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8.555991 - BUXTEHUDE: Organ Music, Vol. 3
Dietrich Buxtehude (c.1637-1707)
Organ Music Volume 3
The imperial free city of Lübeck, a member of the Hanseatic League, had held a position second only to Hamburg. The development of the latter during the seventeenth century was very considerable. Lübeck, on the other hand, fared less well, but remained, nevertheless, an important commercial centre. Much of the musical life of the city centred on the Marienkirche, the church of the city council, where Franz Tunder had been appointed organist in 1641. Tunder, a composer able to further the synthesis of the Lutheran with the Italian influences exemplified in the music of Heinrich Schütz, established weekly Thursday organ recitals that grew into more elaborate concerts, with instrumental players from among the seven official town musicians and others, and with singers.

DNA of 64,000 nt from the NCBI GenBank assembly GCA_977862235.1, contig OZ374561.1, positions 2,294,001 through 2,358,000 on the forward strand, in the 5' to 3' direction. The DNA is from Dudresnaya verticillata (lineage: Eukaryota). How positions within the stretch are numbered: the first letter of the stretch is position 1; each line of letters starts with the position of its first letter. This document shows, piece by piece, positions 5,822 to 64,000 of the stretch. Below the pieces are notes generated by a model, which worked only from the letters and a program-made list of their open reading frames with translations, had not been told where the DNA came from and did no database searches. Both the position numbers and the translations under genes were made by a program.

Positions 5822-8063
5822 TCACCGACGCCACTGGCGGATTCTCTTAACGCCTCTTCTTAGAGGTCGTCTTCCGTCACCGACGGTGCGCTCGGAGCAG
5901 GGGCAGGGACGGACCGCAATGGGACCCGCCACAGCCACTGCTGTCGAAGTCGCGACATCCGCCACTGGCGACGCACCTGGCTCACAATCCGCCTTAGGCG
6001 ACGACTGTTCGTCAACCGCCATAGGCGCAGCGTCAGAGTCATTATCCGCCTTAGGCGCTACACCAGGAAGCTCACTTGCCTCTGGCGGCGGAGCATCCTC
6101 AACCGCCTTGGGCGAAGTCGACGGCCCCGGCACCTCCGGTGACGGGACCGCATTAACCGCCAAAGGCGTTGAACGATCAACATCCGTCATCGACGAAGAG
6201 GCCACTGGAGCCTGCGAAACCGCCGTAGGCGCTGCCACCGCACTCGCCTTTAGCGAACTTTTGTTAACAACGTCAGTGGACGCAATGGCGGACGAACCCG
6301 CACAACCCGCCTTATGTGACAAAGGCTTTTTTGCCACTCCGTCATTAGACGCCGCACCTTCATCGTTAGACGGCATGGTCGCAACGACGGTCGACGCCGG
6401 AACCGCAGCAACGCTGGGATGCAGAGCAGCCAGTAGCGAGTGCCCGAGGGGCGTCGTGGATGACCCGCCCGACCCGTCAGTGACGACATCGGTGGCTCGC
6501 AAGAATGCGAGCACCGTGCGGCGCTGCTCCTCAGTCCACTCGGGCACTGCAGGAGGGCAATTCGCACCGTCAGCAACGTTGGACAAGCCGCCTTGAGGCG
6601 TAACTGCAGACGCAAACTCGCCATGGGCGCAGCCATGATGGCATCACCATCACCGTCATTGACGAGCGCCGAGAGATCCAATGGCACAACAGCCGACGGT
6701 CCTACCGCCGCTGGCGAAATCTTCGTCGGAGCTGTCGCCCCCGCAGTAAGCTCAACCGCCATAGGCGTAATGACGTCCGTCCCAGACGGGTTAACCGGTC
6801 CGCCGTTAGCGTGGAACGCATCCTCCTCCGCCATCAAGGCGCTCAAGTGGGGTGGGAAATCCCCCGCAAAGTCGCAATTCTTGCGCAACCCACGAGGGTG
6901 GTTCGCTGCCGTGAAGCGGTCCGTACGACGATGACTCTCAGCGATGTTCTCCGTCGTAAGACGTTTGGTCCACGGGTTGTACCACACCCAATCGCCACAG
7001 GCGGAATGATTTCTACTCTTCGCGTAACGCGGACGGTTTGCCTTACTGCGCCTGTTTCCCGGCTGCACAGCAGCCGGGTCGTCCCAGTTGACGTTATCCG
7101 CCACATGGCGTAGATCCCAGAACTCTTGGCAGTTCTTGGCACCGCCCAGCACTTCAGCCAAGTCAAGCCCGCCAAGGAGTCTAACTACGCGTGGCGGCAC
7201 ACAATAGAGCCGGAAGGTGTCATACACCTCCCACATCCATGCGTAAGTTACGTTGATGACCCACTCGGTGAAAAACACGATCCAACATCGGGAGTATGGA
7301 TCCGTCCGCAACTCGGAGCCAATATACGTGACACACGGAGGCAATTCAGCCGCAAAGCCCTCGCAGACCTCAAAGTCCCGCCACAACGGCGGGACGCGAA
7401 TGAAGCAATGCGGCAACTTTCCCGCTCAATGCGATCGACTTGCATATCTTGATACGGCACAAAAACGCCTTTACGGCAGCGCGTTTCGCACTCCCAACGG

Dietrich Buxtehude, who identified himself as Danish, was seemingly born in Oldesloe about the year 1637, the son of an organist and schoolmaster. His father moved briefly from Oldesloe, in the Duchy of Holstein, to Helsingborg as organist at the Mariekirke there and soon after to the Danish city of Helsingør, Hamlet’s Elsinore, as organist at the St Olai Kirke, a position he held for some thirty years, until his retirement in 1671. Buxtehude was taught by his father and from 1657 or 1658 until 1660 was organist at the Mariekirke in Helsingborg, a city separated from Helsingør by a narrow stretch of water. His next appointment was at the Mariekirke in the latter city. In 1668 he was elected organist at the Marienkirche in Lübeck, where he succeeded Franz Tunder, who had died the previous year, following custom by marrying Tunder’s younger daughter. Tunder’s elder daughter’s security had already been assured by her marriage to Samuel Franck, Cantor of the Marienkirche and the Catherineum Lateinschule, the choir-school that provided singers for the services of the Marienkirche.